by Jason McCobb

Photography by Jeramy Pritchett

Generation-Y is the largest population since the Baby Boomers. Also known as

the Millennial Generation, they make up 30% of the 300 million plus people living in the U.S. is growing at an alarming rate such that by 2050 we will require 70% more food production just to feed the population. The average age of farmers today is 57 and there has been a 20% drop in farmers 25 and under. The writing is on the wall for the future of food and something must be done.

Photo by Jeramy Pritchett /
Farmer Jason McCobb on his farm

In 1935 we had 6.8 million farms in the U.S. feeding 127 million people; today we have around 960 thousand farms feeding over 300 million people. Going back even further to 1790, U.S. population was a little over 3 million and farmers made up 90% of the workforce. Since 1935 the farms have grown in size thanks to mechanization and the land to farmer ratio has drastically changed from 27.5 acres per worker to 740 acres per worker, making farming one of the most tedious jobs in the world. Imagine sitting behind the wheel of the modern day tractor with GPS and auto pilot, you just set it off in the row and it will hold its course automatically. The farmer will drive each row (miles in length) and turn around and do it again multiple times throughout the growing season, once to prepare soil, fumigate and fertilize, another time to plant, then again to spray pesticides, fungicides, and herbicides, and the final pass is to harvest. This profession has gone from a man working the land using skills and senses to one of simply following predetermined schedule of when to spray and harvest, without even getting your hands dirty. It is no wonder that the next generation wants nothing to do with the family farm and the fastest growing groups of farmers are over age 65. In fact, for every one farmer under 25 years old there are five over 75 years old according to U.S. Agriculture statistics. It is disheartening to see that we have more people in prison (over 2.2 million incarcerated) than farmers growing our food.

What’s the answer?

What is the best way to romance the next generation to want to farm? Basically today the farmer is faceless and their customers are just numbers, another sale. The farmer has no idea who is buying his or her harvest. Yes, I said “her”. Women are back at the helm of growing food just like during WWII, the Victory Garden Era. Maybe female farmers will save us? The number of women working as farmers has increased 30% and there are over 300 thousand female farmers in the U.S. today. In fact, when I did a farming internship in Sonoma, CA in 2009, out of fifteen of us, only four were male.

Photo by Jeramy Pritchett /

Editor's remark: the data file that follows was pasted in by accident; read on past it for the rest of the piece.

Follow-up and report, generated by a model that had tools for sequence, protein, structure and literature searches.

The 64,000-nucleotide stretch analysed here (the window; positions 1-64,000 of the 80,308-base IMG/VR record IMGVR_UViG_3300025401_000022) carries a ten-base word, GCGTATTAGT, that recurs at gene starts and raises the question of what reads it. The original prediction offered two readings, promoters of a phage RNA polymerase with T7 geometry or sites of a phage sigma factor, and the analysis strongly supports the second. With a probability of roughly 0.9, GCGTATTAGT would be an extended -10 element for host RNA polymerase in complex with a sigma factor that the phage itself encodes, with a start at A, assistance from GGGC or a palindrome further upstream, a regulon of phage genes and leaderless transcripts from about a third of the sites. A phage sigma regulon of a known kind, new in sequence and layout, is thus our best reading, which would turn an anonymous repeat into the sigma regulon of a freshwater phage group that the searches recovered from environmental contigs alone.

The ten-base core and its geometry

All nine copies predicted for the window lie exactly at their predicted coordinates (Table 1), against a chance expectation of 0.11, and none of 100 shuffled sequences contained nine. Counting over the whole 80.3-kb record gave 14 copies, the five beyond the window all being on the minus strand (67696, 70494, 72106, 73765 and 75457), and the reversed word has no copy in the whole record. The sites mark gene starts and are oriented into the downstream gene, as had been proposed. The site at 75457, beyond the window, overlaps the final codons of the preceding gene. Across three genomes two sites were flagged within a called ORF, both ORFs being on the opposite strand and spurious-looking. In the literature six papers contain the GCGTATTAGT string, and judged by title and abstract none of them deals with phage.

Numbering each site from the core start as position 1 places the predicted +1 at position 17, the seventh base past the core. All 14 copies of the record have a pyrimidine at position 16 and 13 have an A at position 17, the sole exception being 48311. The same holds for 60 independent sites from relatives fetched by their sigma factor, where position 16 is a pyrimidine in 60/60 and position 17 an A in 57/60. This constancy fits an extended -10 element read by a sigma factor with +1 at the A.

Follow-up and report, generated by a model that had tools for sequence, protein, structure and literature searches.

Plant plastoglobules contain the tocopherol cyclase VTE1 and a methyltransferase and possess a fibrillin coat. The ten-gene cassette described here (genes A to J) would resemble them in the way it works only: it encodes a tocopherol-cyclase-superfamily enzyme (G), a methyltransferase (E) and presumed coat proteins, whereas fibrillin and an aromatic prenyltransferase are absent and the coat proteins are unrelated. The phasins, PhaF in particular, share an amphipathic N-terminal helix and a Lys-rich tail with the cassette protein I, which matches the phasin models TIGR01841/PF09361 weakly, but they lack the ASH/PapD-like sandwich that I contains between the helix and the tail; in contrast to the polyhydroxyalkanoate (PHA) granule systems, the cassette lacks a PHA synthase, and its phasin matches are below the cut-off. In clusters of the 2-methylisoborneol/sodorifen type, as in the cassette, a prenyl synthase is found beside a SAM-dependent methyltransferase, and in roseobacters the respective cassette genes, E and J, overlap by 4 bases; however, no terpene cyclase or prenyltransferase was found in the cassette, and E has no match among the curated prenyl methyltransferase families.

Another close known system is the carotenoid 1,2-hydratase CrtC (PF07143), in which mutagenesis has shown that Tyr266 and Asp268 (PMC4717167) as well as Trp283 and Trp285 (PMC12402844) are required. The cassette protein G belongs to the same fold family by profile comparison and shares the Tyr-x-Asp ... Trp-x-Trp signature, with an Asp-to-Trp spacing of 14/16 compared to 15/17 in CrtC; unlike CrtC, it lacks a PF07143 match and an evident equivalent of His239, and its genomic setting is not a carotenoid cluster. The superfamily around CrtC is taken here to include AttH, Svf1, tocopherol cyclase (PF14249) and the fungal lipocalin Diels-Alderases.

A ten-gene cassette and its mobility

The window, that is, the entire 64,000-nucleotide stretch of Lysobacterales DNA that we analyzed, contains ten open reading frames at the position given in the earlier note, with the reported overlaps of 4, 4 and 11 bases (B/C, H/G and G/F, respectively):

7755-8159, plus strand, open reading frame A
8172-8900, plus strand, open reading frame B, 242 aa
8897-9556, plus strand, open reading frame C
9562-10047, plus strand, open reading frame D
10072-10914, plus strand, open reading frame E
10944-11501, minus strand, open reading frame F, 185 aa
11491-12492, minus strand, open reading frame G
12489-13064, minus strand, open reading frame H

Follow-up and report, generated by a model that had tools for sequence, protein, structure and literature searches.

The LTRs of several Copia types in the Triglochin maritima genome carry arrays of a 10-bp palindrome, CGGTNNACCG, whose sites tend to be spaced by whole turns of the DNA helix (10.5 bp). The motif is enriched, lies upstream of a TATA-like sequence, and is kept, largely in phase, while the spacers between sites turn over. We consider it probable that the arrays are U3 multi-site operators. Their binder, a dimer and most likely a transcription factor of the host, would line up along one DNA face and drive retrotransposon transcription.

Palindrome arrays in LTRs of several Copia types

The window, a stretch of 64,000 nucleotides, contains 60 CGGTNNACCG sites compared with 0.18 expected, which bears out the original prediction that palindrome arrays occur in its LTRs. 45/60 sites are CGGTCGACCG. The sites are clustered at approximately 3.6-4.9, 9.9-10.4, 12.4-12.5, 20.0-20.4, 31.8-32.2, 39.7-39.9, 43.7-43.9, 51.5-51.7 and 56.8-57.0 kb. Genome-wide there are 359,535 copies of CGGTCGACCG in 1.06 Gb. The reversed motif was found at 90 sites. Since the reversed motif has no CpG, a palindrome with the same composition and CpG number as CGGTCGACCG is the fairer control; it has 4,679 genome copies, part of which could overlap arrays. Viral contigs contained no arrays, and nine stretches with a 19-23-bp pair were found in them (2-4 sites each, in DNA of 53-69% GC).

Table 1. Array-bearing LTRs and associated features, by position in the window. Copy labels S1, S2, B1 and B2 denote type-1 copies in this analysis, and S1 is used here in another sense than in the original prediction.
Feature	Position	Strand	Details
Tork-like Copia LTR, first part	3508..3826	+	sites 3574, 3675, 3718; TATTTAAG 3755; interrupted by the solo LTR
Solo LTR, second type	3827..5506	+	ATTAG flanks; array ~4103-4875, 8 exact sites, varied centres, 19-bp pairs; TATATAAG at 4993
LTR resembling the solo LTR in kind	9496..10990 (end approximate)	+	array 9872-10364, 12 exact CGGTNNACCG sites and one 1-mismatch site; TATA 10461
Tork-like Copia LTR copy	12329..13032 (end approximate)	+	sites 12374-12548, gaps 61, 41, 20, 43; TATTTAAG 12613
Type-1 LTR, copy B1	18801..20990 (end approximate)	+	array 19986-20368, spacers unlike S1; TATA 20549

On the farm

I am not sure they are doing it to recruit the next generation of farmers, but cable TV is changing the image of the farmer. Farm Kings is a popular reality show on the cable channel known as Great American Country (GAC). This Pennsylvania farming family of 11 is headed by the mother “Mama Bear Lisa” and her 9 boys and 1 girl. Maybe sex appeal will entice the next generation to farm. I have heard a number of people mention this show, mainly women, because of the 9 good looking King boys running around with no shirts on, doing farm chores.

Whatever it takes to get exposure and a new identity for the farmer, after all, it is for the greater good. Right?

I farm, build gardens for people, and teach agriculture. My experience has taught me that people are intimidated by farming because of the science and chemistry associated with growing.

Photo by Jeramy Pritchett /
On the farm

Furthermore, most available instruction follows the conventional farming model and uses chemicals that concern people. Organic supplies are harder to source and are somewhat limited. What most don’t realize is that farming is only 50% science, and the other 50% is art. I farm and teach how we farmed 100 years ago, making compost, using worms, and liquid concoctions I brew myself for use on the soil, never anything that harms. Of course we are talking small scale, 20 acres or less, but this is challenging, fun, and more profitable. A large scale corn and soy bean farming operation will gross approximately $1,300 per acre per year, which does not cover their cost. So they have to rely on subsidies from the government. What a ridiculous concept of having to rely on the government when the small scale diversified vegetable farmer can gross $20,000 per acre per year by growing a variety of veggies and bringing them to market themselves.

Hopefully, Generation Y can fill in the gap and start making that connection between profitable small scale organic farming and providing a sustainable loop within their own communities.